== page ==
Monday, May 23, 2011

The Parallels With Byron Pitts of '60 Minutes'

Byron Pitts, holding his prized sweet tea, chats with some fans.
Bob and Bonny Lee chat with wounded Lynn Meyer (she hurt it fly fishing).
Sizeable crowd settles in.
WFIR's Jim Kent introduces Pitts (left). FRONT was a sponsor.
Pitts talks from the heart.
Pitts signs his new book.
As CBS News correspondent Byron Pitts spoke at the Jefferson Center earlier tonight, a sense of parallel history began to take shape for me. Pitts, whom you probably know from "60 Minutes," where he is a regular, has a new memoir, Step Out on Nothing, detailing his life growing up poor in Baltimore and having to face and conquer some very real devils.

We share some of them. We both stuttered for a time. We're both long-time journalists, something nobody would have expected when we were growing up. We were functional illiterates for far longer than you might expect, flunked out (me) or nearly flunked out (him) of college (including failing English); had great mentors; played football pretty well; wrote a memoir with stories that aren't pretty; had strong mothers who were there in some tough times. (I will mention that though we've both written memoirs, the parallel ends. His sold.)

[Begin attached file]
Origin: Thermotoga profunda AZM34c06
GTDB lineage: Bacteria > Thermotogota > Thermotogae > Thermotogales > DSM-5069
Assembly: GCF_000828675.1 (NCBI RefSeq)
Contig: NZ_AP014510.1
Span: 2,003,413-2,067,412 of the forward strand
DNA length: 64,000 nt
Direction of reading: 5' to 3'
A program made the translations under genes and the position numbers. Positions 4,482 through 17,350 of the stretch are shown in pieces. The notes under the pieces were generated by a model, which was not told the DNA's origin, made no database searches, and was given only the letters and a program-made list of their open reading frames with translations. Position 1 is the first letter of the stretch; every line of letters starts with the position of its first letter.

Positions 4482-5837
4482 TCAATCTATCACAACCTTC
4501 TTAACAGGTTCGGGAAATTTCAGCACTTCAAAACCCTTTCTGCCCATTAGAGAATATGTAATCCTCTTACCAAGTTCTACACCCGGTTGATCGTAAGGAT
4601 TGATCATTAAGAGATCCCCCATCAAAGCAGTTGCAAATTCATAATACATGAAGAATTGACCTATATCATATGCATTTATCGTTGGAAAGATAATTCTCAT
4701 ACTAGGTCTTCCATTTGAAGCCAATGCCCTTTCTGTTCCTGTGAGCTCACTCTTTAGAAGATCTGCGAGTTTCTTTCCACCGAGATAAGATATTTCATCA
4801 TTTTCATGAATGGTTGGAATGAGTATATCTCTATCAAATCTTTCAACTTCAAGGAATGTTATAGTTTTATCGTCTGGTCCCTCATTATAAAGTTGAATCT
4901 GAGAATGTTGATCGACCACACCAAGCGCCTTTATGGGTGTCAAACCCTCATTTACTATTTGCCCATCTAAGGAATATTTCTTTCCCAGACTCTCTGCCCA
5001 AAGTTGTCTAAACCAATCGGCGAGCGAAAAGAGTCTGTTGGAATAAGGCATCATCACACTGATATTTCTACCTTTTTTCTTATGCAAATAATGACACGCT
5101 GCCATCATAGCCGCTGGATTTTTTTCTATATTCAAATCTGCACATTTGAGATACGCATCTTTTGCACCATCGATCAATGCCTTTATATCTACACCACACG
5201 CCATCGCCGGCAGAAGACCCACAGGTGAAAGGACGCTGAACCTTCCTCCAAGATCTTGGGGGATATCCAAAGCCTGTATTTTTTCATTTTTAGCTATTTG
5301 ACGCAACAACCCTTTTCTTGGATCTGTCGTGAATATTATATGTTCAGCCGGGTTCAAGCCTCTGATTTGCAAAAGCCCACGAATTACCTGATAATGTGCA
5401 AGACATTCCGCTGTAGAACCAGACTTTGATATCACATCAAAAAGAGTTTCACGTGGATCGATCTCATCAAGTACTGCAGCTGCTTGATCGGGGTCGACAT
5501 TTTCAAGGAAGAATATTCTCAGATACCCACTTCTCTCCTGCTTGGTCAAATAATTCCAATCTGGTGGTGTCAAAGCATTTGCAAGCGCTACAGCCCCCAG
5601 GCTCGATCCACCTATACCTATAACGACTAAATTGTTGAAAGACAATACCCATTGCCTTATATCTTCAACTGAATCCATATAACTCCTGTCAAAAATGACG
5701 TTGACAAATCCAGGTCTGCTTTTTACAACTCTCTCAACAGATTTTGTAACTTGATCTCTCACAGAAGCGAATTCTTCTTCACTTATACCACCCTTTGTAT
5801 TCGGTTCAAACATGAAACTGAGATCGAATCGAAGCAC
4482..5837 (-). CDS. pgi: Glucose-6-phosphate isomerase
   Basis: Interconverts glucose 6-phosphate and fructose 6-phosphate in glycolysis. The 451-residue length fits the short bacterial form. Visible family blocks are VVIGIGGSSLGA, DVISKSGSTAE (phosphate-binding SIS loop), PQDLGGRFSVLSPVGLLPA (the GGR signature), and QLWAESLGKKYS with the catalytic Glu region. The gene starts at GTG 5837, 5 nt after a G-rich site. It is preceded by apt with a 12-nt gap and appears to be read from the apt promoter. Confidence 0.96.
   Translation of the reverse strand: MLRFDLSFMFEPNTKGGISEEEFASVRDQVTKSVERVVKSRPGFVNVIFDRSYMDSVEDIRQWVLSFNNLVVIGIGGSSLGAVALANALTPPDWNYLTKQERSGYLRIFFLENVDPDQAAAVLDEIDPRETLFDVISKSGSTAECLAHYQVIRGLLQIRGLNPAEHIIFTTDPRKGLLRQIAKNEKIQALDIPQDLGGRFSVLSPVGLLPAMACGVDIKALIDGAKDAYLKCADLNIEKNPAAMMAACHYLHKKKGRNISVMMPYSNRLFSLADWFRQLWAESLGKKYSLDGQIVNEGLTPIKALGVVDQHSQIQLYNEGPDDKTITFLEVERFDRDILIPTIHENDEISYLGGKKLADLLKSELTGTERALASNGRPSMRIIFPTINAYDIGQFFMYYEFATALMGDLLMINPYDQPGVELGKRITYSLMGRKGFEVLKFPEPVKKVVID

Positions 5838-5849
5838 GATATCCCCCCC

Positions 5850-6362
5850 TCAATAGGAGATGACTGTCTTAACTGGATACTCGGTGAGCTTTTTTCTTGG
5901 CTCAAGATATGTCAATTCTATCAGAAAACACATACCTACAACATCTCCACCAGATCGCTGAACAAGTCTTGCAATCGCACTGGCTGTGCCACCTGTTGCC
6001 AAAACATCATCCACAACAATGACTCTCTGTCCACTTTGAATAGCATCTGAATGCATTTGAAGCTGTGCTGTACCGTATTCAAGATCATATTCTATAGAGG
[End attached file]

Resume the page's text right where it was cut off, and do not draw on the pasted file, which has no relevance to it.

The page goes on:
I liked listening to him because he didn't equivocate on dealing with the difficulties: he talked bluntly and directly about what it took and how it began to work.

 The event was the Roanoke Regional Chamber of Commerce's Business Forum and it was a good one.

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